# Sixth power

In arithmetic and algebra the sixth power of a number n is the result of multiplying six instances of n together. So:

n6 = n × n × n × n × n × n.

Sixth powers are also formed by multiplying a number by its fifth power, the square of a number by its fourth power, or the cube of a number by itself, by taking a square to the third power, or by squaring a cube.

The sequence of sixth powers of integers is:

0, 1, 64, 729, 4096, 15625, 46656, 117649, 262144, 531441, 1000000, 1771561, 2985984, 4826809, 7529536, 11390625, 16777216, 24137569, 34012224, 47045881, 64000000, 85766121, 113379904, 148035889, 191102976, 244140625, 308915776, 387420489, 481890304, ... (sequence A001014 in the OEIS)

They include the significant decimal numbers 106 (a million), 1006 (a short-scale trillion and long-scale billion), and 10006 (a long-scale trillion).

## Squares and cubes

The sixth powers of integers can be characterized as the numbers that are simultaneously squares and cubes.[1] In this way, they are related to two other classes of figurate numbers: the square triangular numbers, which are simultaneously square and triangular, and the solutions to the cannonball problem, which are simultaneously square and square-pyramidal.

Because of their connection to squares and cubes, sixth powers play an important role in the study of the Mordell curves, which are elliptic curves of the form

${\displaystyle y^{2}=x^{3}+k.}$

When ${\displaystyle k}$ is divisible by a sixth power, this equation can be reduced by dividing by that power to give a simpler equation of the same form. A well-known result in number theory, proven by Rudolf Fueter and Louis J. Mordell, states that, when ${\displaystyle k}$ is an integer that is not divisible by a sixth power (other than the exceptional cases ${\displaystyle k=1}$ and ${\displaystyle k=-432}$), this equation either has no rational solutions with both ${\displaystyle x}$ and ${\displaystyle y}$ nonzero or infinitely many of them.[2]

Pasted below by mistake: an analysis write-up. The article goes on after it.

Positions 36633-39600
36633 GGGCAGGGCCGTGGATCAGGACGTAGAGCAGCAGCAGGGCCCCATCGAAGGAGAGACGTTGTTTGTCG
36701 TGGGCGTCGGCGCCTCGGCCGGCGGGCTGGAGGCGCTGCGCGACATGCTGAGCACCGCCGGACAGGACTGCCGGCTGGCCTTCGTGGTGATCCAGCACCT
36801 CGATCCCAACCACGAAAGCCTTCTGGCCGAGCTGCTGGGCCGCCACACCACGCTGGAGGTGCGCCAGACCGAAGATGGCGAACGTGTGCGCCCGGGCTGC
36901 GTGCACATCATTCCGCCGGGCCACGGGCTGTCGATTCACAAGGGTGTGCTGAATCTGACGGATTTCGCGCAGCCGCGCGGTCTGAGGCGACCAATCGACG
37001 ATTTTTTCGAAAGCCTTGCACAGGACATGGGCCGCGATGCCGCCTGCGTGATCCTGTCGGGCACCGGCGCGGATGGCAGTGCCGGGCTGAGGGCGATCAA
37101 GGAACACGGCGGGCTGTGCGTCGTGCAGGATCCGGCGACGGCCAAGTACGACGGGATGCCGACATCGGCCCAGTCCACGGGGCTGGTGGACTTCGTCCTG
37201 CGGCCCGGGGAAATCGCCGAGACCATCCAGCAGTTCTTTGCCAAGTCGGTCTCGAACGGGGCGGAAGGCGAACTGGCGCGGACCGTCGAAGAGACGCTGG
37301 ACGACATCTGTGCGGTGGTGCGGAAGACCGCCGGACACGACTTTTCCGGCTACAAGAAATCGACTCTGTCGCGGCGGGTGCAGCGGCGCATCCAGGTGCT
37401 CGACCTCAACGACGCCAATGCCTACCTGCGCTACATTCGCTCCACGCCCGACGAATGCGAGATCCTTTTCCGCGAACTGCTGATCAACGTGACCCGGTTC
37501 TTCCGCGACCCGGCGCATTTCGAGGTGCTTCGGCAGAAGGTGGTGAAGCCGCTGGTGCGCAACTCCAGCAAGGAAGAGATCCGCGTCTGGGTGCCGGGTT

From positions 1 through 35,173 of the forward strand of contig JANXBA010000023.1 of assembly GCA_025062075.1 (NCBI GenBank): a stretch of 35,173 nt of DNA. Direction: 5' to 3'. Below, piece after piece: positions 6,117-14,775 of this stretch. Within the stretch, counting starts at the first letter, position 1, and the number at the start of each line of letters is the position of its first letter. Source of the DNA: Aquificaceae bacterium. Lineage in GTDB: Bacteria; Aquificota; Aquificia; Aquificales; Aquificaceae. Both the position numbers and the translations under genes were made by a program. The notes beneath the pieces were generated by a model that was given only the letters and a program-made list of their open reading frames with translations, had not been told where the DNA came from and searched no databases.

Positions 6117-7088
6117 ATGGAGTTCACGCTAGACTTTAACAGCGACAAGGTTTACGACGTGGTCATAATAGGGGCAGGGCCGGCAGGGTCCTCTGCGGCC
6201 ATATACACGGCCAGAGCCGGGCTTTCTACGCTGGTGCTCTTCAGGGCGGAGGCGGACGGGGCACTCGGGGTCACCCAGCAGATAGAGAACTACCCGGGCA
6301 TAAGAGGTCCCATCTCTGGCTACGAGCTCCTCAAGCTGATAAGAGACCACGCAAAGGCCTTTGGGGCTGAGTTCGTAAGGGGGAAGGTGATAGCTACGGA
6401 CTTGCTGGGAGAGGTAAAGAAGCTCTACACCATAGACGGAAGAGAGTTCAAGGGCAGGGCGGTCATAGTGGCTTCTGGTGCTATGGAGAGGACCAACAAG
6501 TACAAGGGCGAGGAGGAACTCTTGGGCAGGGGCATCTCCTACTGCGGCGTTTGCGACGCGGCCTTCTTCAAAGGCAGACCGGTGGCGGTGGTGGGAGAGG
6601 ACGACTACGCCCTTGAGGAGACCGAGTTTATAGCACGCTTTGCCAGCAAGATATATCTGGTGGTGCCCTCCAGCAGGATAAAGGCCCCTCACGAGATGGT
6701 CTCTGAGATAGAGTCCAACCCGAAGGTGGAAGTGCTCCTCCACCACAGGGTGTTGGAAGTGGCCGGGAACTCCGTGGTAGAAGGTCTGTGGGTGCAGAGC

In the archaic notation of Robert Recorde, the sixth power of a number was called the "zenzicube", meaning the square of a cube. Similarly, the notation for sixth powers used in 12th century Indian mathematics by Bhāskara II also called them either the square of a cube or the cube of a square.[3]

## Sums

There are numerous known examples of sixth powers that can be expressed as the sum of seven other sixth powers, but no examples are yet known of a sixth power expressible as the sum of just six sixth powers.[4] This makes it unique among the powers with exponent k = 1, 2, ... , 8, the others of which can each be expressed as the sum of k other k-th powers, and some of which (in violation of Euler's sum of powers conjecture) can be expressed as a sum of even fewer k-th powers.

In connection with Waring's problem, every sufficiently large integer can be represented as a sum of at most 24 sixth powers of integers.[5]

There are infinitely many different nontrivial solutions to the Diophantine equation[6]

${\displaystyle a^{6}+b^{6}+c^{6}=d^{6}+e^{6}+f^{6}.}$

It has not been proven whether the equation

${\displaystyle a^{6}+b^{6}=c^{6}+d^{6}}$

has a nontrivial solution,[7] but the Lander, Parkin, and Selfridge conjecture would imply that it does not.